The world is worried about commodity prices.
That’s according to a new report from the World Energy Council (WEC), which surveyed 1,200 energy leaders from more than 90 countries about the potential impact and future uncertainty of various issues in the sector.
The majority of ministers and businessmen questioned said they expect prices to become even more volatile as energy demand growth ramps up to its expected peak before 2030.
The report says concerns have deepened further due to investments in alternative energies generally failing to offset declining oil reserves.
Developing nations with a reliance on energy imports and wealthier nations like Saudi Arabia that are heavy exporters are particularly worried about the impacts unexpected changes could bring.
Those questioned also said they felt uncertain about global climate frameworks but suggested this would have less of an impact, as many believe the world is finally on an irrevocable path to decarbonisation, whether or not the ideal policies and regulations are in place.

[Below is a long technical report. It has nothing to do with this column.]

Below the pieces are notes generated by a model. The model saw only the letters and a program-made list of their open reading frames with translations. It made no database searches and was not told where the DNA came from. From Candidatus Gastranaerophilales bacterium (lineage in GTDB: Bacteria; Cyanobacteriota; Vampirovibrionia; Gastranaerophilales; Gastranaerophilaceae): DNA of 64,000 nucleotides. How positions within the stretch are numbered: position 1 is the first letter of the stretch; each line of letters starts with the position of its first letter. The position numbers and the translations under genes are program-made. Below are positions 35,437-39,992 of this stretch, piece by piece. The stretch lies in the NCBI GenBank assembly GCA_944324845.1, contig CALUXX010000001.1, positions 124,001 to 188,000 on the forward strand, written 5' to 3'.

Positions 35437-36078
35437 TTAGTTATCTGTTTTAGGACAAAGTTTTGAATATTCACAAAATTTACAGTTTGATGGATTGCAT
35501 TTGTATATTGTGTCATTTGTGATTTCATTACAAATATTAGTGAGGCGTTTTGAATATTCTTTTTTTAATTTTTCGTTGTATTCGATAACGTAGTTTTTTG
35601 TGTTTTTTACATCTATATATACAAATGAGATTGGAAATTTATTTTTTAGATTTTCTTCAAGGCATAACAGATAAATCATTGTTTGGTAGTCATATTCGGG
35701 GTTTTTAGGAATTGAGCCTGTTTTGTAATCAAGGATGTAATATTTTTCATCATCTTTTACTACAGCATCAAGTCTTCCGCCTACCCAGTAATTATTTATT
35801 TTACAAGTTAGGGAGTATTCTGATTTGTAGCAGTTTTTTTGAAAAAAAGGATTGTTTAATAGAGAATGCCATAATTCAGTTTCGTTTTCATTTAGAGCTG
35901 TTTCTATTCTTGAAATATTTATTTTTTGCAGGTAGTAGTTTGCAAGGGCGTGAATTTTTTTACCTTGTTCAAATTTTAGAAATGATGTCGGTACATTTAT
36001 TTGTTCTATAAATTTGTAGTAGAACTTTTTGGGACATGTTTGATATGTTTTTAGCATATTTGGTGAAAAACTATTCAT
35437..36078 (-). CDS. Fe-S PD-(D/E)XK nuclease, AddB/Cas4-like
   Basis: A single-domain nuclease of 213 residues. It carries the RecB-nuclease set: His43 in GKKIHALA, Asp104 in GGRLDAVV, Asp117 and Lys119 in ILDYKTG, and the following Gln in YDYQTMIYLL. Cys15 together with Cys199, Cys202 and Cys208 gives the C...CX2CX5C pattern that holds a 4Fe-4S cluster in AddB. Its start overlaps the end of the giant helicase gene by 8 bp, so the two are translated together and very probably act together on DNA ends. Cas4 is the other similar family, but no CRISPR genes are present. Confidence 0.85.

The energy leaders agreed technology is key, especially with regards to battery storage and renewables, which they say could dictate the pace and scale of the green energy transition.
The report shows worldwide investment in renewables in 2015 was $265.8 billion (213.09bn), more than double what was spent on new coal and gas, at $130 billion (£104.2bn).
Coal was rated as a relatively low impact area, despite currently being used to provide 40% of global power.
It was seen as a more important consideration in India, China and Indonesia, nations responsible for 66% of the fuel’s usage.
In Europe, leaders think innovations in clean power, heating and transport will have the largest impact in the near future, along with smart technologies and the digitalisation of the energy system.
UK cyber threat
Those in the UK were most worried about what this might bring – they said cyber security posed an increasingly large threat due to the nation’s rapidly evolving energy architecture.
They also said a lack of action in the energy efficiency sector in the last few years has made the issue more of a concern and blamed failures and cuts to various support mechanisms for this.
British energy leaders said although energy storage looked to become a gamechanger, a raft of regulatory and commercial barriers need to be come first.